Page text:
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      Twelve locally available species ofClerodendron have been examined for a comparative study of stone-cell structure, distribution and ontogeny. The species fall into two classes. First group includesC. fragrans, C. infortunatum, C. splendens andC. minahassae which have brachysclereids developed from transformed parenchyma cells of cortex or pith. The second group includesC. aculeatum andC. inerme which have “spheroidal sclereids” formed by the conversion of the collenchyma cell of the cortex. This has not been, as I am aware, reported so far. Both types develop by the “secondary sclerosis” of either the parenchyma cell or the collenchyma cell. So far as has been noticed, stone-cells seem to be present only in those species where the sclerenchyma or the phloem fibres are absent. It is therefore suggested that probably they both serve the same function of giving mechanical strength to the plant body. It has also been pointed out in view of the occurrence of some kind of crystals in these stone-cells, that they may be functioning as the repositories of excretory or secretory products.

    • The peculiar sclereids ofCephalotaxus drupacea Sieb.et Zuc. C.

      A R Rao Manju Malaviya

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      Peculiar, variously shaped osteo and brachysclereids occur in small numbers, in the stem, male cones and seed integument ofCephalotaxus drupacea Sieb.et Zuc. C. The distribution of these sclereids is rather localised in the stem and diffuse in the cones. A very curious feature of these sclereids is the presence of small, pointed or blunt emergences of the original cell protoplast, on the secondary wall. These are supposed to be the unlignified portions of the original protoplast, which have been cornered during the process of lignification. Both the types of sclereids develop from a parenchymatous initial. The ultimate form depends on the nature of the surrounding tissue and the organ in which they develop.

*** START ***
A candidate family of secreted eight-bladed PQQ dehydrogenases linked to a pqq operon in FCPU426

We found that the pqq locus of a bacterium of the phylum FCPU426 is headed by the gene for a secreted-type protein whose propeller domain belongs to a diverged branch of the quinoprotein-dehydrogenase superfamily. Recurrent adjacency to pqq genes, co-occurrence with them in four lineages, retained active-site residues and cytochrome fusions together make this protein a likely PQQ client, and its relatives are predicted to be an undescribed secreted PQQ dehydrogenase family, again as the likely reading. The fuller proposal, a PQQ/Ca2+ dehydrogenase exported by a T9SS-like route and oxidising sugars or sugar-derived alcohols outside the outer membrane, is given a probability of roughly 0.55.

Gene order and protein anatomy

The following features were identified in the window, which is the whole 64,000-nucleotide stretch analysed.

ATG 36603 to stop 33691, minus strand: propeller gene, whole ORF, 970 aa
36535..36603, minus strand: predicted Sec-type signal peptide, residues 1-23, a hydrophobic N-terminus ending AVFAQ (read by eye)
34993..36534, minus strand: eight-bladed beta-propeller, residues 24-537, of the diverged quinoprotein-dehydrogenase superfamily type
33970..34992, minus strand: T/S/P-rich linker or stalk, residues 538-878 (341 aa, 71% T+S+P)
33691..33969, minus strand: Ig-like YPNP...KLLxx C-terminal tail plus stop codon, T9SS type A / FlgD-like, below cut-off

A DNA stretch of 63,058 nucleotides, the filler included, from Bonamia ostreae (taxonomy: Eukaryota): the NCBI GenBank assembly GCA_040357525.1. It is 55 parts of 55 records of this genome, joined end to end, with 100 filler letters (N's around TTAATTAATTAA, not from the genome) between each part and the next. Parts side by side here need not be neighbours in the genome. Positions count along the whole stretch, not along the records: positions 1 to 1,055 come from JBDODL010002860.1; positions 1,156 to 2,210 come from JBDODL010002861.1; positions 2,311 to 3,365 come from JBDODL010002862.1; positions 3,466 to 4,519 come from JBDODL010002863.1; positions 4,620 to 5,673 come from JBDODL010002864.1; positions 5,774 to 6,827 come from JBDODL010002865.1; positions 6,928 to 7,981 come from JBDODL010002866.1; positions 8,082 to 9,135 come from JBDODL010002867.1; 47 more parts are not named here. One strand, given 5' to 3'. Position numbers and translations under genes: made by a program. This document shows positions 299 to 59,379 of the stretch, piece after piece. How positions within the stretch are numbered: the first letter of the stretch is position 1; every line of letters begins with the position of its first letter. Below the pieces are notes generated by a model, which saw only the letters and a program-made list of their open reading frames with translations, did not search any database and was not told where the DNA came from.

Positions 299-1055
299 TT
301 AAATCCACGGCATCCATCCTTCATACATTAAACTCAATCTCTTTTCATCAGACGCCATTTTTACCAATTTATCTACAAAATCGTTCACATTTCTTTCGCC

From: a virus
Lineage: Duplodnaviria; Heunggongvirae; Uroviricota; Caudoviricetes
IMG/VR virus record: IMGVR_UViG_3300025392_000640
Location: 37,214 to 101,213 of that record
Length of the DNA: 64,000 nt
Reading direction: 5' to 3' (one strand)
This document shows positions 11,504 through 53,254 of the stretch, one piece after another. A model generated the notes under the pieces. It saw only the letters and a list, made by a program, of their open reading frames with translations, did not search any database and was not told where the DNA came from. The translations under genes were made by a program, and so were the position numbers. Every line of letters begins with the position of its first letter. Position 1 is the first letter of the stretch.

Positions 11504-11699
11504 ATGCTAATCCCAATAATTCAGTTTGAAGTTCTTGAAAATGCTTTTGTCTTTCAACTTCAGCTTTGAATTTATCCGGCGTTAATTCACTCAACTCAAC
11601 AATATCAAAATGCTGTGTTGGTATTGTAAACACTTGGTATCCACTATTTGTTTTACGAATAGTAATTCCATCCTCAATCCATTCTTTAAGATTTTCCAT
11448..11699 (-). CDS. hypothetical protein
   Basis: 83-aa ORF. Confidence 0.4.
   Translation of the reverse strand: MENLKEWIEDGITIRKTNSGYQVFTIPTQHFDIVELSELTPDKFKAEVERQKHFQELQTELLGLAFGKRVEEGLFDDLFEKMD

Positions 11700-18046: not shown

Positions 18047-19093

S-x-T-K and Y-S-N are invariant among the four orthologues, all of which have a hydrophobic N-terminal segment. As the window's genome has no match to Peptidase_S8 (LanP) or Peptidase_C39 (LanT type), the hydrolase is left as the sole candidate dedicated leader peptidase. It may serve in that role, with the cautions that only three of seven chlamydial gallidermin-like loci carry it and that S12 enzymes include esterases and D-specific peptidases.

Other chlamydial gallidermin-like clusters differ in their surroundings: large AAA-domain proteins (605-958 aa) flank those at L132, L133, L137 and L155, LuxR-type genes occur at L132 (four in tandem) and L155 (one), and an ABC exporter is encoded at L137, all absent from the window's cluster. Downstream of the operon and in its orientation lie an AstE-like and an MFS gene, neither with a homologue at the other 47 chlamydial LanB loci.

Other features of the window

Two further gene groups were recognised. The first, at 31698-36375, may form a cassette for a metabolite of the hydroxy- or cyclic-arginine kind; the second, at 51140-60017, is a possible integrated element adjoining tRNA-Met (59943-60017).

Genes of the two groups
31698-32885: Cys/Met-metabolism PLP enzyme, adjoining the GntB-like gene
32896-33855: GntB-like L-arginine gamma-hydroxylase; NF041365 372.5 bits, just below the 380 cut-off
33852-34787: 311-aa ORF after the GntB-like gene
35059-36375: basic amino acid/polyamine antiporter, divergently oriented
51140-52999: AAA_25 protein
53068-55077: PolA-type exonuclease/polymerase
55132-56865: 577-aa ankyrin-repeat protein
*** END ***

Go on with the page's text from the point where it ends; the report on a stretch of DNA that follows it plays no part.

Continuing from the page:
• On the latex-cells and latex ofJatropha

      A R Rao Manju Malaviya

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      In different species ofJatropha examined a profusely branched system of non-articulated laticifers is found distributed in different plant organs. They originate in the embryonic stage from certain initials and keep pace with the growth of the plant. A few laticifers may also arise independently from spongy mesophyll cells in the leaves. The laticifers are present in all the parts of the plant chiefly occurring in the vicinity of vascular elements. Some preliminary qualitative tests showed in the latex, presence of certain enzymes and metabolic products like amino-acids, sugars, etc., showing thereby that latex does not only contain excretory products, but has also substances of some economic importance.